Hot on Left, Cold on Right?

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Do it right. I have two examples of why from personal experience.
1. Me and wife lived with parents for a short time after we moved. He had washing machine on back porch that needed draining every use in cold weather. Connections backward and I hooked it up one morning by convention. Ruined an entire load of my wife's uniforms that required the delicate setting.
2. Did a basement replumb replacing all pipes. Somehow I got the laundry tub ones backward. "I'm the only one who usese, I'll remember"...nope - after almost burning myself twice when expecting cold water I redid it by crossing the pipes coming from the ceiling (too cramped up there to reverse them right).
Harry K
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wrote:

Thanks for all the replies. I'll cross the copper lines to keep the "hot on left, cold on right" standard.
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wrote:

That IS the north american standard. Many places in Europe it is reversed - and in Africa some places it's one way, other places the other.
When I was in Zambia in the 70s it was hard to know which was which in the hot season, what with exposed plumbing on the outside of masonry walls!!!!!! BOTH taps gave hot water, even with the geiser shut down. (City water flowed to a gravity tank up among the rafters under the tin roof, and from there down the sunny wall to the kitchen and bath)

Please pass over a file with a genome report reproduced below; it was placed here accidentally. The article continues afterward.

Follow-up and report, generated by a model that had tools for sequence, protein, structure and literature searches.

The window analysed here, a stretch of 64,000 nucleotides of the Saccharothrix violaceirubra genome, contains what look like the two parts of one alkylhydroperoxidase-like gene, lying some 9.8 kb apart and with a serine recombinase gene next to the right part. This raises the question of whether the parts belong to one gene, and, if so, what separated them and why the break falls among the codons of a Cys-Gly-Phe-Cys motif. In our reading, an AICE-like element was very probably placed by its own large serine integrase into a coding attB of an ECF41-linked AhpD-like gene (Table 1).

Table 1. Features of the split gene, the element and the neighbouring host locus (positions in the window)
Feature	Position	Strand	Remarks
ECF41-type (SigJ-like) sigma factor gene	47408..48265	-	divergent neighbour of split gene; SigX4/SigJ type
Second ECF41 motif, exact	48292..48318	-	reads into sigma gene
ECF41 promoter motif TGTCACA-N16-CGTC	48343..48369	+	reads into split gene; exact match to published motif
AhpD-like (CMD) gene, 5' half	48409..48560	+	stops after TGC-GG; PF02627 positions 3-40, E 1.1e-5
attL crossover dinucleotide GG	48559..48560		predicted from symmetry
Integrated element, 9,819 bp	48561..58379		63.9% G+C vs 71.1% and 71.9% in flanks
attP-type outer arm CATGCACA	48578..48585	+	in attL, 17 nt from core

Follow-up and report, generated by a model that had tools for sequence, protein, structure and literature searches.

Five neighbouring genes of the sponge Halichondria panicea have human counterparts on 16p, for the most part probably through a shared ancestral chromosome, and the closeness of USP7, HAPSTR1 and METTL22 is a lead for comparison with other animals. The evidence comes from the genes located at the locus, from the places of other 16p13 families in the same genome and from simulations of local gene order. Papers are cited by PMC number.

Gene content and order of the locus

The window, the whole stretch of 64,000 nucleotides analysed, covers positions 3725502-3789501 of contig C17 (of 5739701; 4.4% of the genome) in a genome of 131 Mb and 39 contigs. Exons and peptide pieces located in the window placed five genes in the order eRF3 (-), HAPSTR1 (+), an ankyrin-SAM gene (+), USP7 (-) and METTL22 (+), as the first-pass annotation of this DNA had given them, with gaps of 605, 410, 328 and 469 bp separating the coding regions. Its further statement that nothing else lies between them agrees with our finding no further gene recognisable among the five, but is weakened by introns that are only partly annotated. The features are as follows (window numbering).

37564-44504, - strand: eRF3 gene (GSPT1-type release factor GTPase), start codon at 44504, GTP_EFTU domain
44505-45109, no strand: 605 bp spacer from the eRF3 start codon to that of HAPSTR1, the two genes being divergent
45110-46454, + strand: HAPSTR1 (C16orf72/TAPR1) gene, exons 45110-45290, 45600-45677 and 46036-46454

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deal. Sometimes the little things do matter.
Don Young
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It applies to all plumbing, but really, it's not that big of a deal. If properly marked, it should not be an issue. You can buy red and blue hose bibb handles at the hardware store. Washing machines get hooked up once every 15 years or so, it's not like you're making hose connections there every day.
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Yeah same in some Gulf states. No freezing temps of course. Low pressure mains water was accumulated from the street mains in a big tank at ground level in the yard. Then another pump raised that to another tank on the roof. Both tanks although painted white were out in the open with the sun beating on them. Identical systems for each living unit. By February too hot to walk across the tiled yard in bare feet by 11.00 AM; so you can imagine how hot the 'cold' water was. Sewage was frequently not piped away to a treatment plant; in many compounds it was accumulated in large underground tanks. Then a large tanker, typically with two Honda type pumps mounted at the back would come and suck it up, which took some time and could be quite odorous on a hot day! The pumping operation often occurred twice a week about 50 feet from some one's front door
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